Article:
I am an oversized German Shepherd breeder. Cringe now, if you must. It seems some of you are so quick to assume things based on size. Because someone had posted a video of my dog Ash, there were many on this board who said various things about a video in which he was walking on crusty snow that basically amounted to clearly he had all sorts of health problems, I in turn replied that he has been tested through the OFA regarding hips, a degenerative myelopathy clear non-carrier, in addition to TLI testing within normal range at 25.1 and posted a pic to him because I'm DARN PROUD of how good I think he looks at almost 6 years of age
He is also considered oversized at 30" at the shoulder and ranges anywhere from 125-135 pounds depending on the season, completely healthy with no problems, our vets are completely fine with his weight because he is in proportion. Never have we pushed our dogs to be a certain weight nor told ANY of our puppy owners to do that, actually quite the opposite. Some of the remarks seemed so shocked and horrified that something outside the standard of the breed even existed, like he was some vile creature from the black lagoon which had surfaced to eat the neighborhood children. I don't get that. I made a few other points in that thread, of which I would like to re-paste here because I do not know if it will even be seen by many on that thread and because I have seen oversized dogs discussed numerous times on this board before anyway, I may as well restate it so people can see what an oversized German Shepherd breeder's opinion is since the other thread will probably be buried soon enough and it couldn't hurt to at least show the flip side on what seems to be a hot topic.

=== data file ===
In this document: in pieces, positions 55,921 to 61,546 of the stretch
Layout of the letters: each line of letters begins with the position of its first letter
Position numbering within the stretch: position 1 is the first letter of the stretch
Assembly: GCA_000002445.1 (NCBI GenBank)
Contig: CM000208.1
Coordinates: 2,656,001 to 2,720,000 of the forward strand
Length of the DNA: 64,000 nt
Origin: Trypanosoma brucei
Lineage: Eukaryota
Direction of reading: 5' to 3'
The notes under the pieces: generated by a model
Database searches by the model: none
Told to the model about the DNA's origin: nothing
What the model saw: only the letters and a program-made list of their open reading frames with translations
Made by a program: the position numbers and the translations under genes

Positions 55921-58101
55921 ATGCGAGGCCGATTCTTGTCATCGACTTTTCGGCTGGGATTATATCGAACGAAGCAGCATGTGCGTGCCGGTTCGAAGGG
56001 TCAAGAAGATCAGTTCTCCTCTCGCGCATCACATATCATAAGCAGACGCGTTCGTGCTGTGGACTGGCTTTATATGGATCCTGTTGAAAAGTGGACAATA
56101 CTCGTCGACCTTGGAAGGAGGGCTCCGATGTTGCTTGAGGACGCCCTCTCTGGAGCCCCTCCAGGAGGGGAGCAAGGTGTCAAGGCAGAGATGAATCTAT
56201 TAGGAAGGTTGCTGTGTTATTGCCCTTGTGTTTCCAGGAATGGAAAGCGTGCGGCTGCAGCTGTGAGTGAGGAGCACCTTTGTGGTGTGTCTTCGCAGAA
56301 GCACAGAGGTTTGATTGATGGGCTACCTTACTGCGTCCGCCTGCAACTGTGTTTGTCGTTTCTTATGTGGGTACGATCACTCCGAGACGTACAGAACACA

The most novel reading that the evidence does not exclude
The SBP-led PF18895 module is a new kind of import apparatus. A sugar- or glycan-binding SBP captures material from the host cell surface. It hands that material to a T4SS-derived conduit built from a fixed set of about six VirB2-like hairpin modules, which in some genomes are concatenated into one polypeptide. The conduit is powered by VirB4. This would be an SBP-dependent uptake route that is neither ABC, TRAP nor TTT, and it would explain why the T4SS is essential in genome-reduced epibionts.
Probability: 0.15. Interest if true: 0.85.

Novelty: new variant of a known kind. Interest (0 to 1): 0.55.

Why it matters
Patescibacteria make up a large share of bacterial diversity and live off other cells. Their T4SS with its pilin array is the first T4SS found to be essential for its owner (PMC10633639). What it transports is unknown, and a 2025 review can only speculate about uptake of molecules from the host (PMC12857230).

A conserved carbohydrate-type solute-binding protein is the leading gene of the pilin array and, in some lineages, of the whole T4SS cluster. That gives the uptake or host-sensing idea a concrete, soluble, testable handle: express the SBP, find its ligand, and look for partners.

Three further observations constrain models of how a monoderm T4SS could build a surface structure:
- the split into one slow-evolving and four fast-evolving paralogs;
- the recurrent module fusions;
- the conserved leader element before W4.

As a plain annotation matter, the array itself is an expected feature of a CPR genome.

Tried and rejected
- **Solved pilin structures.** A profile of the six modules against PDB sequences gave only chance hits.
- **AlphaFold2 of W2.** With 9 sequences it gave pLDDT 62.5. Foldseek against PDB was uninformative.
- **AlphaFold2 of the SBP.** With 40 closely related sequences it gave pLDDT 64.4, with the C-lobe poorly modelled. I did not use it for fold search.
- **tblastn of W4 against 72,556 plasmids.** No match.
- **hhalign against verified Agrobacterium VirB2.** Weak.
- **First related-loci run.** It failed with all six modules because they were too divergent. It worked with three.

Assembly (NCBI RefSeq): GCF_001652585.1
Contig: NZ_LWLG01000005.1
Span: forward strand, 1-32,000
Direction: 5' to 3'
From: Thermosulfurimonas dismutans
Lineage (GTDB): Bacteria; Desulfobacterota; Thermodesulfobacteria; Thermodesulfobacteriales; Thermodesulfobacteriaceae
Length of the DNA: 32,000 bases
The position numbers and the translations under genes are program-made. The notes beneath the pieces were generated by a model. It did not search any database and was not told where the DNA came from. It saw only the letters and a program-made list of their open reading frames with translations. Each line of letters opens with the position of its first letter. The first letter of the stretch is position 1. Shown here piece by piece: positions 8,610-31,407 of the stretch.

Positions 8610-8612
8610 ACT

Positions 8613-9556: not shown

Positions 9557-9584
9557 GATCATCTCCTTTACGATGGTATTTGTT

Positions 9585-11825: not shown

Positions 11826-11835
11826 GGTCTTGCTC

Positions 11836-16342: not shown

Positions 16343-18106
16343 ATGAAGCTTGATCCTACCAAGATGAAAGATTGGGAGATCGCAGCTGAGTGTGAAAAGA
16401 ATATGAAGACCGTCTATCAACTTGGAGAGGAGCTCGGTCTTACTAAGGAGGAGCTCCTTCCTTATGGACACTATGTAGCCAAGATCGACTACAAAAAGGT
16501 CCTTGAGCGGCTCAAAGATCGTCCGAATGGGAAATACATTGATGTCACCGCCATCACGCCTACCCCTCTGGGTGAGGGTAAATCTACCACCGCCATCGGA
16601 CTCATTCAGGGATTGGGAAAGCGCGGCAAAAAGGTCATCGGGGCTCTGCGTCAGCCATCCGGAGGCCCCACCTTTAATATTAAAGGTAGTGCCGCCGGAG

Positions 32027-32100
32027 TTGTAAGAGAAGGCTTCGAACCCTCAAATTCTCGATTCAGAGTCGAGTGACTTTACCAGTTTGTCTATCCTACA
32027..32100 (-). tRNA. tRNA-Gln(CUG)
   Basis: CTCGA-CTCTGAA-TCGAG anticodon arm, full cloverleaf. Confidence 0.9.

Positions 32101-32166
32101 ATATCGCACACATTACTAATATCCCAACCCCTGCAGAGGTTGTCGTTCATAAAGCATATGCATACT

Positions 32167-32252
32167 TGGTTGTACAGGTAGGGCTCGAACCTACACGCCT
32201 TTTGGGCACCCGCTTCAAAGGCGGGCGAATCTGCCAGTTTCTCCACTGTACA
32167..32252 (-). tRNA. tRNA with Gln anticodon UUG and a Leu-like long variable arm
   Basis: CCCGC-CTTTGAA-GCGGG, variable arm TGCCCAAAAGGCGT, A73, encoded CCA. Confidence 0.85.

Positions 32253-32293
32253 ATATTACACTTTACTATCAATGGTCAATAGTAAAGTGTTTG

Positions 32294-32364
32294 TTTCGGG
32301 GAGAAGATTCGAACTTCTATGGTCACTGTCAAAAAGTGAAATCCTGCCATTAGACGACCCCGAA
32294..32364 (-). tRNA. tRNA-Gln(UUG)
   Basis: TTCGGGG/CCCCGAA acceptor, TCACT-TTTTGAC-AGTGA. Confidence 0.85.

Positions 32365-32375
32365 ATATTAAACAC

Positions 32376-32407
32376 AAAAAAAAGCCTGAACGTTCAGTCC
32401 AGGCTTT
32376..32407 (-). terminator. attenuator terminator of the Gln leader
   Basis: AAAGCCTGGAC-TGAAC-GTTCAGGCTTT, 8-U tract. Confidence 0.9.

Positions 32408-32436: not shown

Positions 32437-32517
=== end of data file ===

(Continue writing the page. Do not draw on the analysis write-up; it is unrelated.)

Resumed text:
Obviously coming onto a forum like this, just like with most of the other GSD forums, most will not like larger GSD, so of course it's like how much effort should I put in to fight a gang up of 20 to 1. However, I will say this, why is it that almost 20% of the GSD tested through the OFA test with some form of dysplasia? Obviously it's not just due to size, because most shepherds are well within the normal standard size. Hip dysplasia will be aggravated by excess weight, true. People that don't care about their dogs and just breed the biggest to the biggest without any regards to health (and most likely do not bother to do any type of testing anyway) will probably produce dysplastic dogs. That is not us, and while I am sure there are "breeders" out there (most likely through the classified ads) that do this, I know there are many of the larger GSD breeders that do health testing as well. Can I attest to what they do? Nope, I can only say what we do. From a business standpoint, since someone mentioned this was an "ad critique", frankly it would be stupid for me to breed a dog that either has problems or produces problems. Why? Because for my contract, I do not offer a puppy as a replacement. I give $ back if the dog has an issue, and since we're only hobby breeders who don't produce many puppies anyway, why would I want to produce dogs where I know I'll end up having to give back $$? Unfortunately, there are people out there that like to circulate that big = hip dysplasia. If that is the case, then anyone that buys a small GSD is all set because if big = hip dysplasia, wouldn't small = no dysplasia? Of course not. It's about the health of your lines, knowing your dogs and what they produce, knowing what their relatives have produced. Hip dysplasia is still going to happen, regardless, but you try to do the best you can to limit it.